It looks like it should be a complex tech tree, but it's actually surprisingly straightforward to advance through it. The complexity comes from an unexpected place; the combat. There's so many variables in the game, and each tank class has a strength and weakness that can be used or exploited. There's different ammunition with different levels of penetration, and some ammo types are more effective at close range than others. On the outside it might just look like big, metallic monsters brutishly blasting the crap out of each other, but there's actually a refreshing amount of tactical depth that slowly reveals itself over time.
There's currently seven maps on the Xbox 360 Edition, which represents much less variety than there is in the PC version. It doesn't take long before it starts to feel a little bit like groundhog day. Some of the levels are really interesting, with contoured landscapes, buildings to hide behind, and natural bottlenecks where the action tends to gravitate. Other maps are wide open spaces, and since venturing into the open is nearly always a fatal error, action tends to funnel down channels on either side. These open levels aren't terrible, but their design means the relatively low number of maps is more keenly felt.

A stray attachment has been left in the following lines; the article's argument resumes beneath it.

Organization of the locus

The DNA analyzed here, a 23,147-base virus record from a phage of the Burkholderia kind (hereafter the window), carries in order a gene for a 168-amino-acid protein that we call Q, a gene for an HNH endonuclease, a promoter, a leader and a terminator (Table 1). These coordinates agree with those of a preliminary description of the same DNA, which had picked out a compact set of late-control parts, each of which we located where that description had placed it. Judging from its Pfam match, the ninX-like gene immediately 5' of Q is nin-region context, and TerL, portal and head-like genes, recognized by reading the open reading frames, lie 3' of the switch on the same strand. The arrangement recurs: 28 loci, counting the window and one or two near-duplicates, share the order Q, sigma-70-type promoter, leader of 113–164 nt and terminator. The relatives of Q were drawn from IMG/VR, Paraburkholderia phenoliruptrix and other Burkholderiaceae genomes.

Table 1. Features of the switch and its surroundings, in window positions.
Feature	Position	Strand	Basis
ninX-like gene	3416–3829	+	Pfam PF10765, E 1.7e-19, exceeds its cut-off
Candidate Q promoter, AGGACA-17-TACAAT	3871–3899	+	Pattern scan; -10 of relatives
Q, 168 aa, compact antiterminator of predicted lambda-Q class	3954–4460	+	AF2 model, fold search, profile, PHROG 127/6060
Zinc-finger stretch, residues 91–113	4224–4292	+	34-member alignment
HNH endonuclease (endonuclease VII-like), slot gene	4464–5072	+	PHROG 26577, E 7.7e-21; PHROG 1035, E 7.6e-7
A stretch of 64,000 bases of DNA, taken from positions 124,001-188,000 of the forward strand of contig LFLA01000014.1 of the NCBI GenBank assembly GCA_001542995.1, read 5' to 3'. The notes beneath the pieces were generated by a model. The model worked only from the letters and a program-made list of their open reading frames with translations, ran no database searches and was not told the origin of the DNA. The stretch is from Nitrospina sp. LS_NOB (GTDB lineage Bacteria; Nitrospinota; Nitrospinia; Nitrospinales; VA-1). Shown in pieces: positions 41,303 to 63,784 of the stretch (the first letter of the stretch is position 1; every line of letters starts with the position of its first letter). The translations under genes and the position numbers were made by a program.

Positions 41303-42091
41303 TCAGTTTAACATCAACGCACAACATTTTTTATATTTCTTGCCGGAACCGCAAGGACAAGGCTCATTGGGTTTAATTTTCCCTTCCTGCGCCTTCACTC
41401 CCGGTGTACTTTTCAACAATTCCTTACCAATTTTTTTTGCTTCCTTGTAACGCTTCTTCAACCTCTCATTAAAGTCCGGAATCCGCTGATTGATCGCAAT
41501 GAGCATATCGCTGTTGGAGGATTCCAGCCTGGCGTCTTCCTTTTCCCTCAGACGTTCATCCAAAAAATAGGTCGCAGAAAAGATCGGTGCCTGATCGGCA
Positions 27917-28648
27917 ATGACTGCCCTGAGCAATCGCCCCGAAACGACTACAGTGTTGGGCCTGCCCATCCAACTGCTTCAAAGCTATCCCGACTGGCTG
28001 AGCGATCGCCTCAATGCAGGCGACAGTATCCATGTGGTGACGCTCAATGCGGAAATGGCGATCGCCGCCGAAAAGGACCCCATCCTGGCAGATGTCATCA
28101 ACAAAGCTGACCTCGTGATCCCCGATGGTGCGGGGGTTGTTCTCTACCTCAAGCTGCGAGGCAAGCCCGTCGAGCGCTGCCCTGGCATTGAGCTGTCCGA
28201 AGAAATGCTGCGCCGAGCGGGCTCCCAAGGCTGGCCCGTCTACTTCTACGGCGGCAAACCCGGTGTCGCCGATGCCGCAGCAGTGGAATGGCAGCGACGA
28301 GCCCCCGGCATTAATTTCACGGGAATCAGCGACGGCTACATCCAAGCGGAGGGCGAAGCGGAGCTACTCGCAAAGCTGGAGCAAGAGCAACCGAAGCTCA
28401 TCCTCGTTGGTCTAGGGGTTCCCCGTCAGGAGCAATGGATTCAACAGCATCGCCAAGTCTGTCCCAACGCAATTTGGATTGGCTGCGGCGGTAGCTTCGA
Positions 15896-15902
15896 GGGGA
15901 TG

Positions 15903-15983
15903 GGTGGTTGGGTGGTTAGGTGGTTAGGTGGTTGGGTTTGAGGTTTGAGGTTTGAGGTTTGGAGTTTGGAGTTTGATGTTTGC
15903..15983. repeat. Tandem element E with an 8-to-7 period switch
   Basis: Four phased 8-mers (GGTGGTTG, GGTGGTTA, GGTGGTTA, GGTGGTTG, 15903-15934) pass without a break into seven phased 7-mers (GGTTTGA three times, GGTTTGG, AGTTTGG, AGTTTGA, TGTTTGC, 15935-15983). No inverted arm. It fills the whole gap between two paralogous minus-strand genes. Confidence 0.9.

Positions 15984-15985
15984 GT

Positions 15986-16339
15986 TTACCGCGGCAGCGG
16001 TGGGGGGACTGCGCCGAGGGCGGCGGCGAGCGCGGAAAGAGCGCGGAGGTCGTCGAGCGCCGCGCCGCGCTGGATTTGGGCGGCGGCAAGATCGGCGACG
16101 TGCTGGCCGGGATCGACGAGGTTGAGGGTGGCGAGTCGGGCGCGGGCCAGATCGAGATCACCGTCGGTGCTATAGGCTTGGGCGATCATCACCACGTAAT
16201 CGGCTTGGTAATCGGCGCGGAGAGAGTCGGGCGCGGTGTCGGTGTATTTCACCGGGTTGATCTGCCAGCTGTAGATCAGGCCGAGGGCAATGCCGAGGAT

When stacked up against the PC version, World of Tanks on the Xbox 360 pales a little in comparison. Wargaming has stripped out some of the complexity of that game - which makes it more accessible in the short term, but is a detractor for those looking to invest a significant amount of time in the longterm - but in hindsight it's probably for the best given the platform. The simplified meta-game, the smaller number of tanks, and the limited selection of maps in the console version means that it's the PC original you should check out if you can. Most won't be able to, and if you've never played the PC original you'll never know what you're missing.
The Xbox 360 Edition of World of Tanks might lack the visual crispness and depth of its PC brethren, but there's still plenty of reasons why it's worth a look. For a start it's free, and the free-to-play model has been implemented in a way that you won't feel cheated regardless of your level of financial investment (or lack thereof). It's also a really interesting shooter that offers a change of pace that console gamers will likely appreciate, with a surprising amount of depth lurking under its hulking facade.
Everything's in place for World of Tanks to grow into something really decent on Xbox 360. It feels a little thin on content right now, but given time and support, it's easy to envisage a very positive future for Wargaming's online multiplayer shooter, even in the confines of the console space.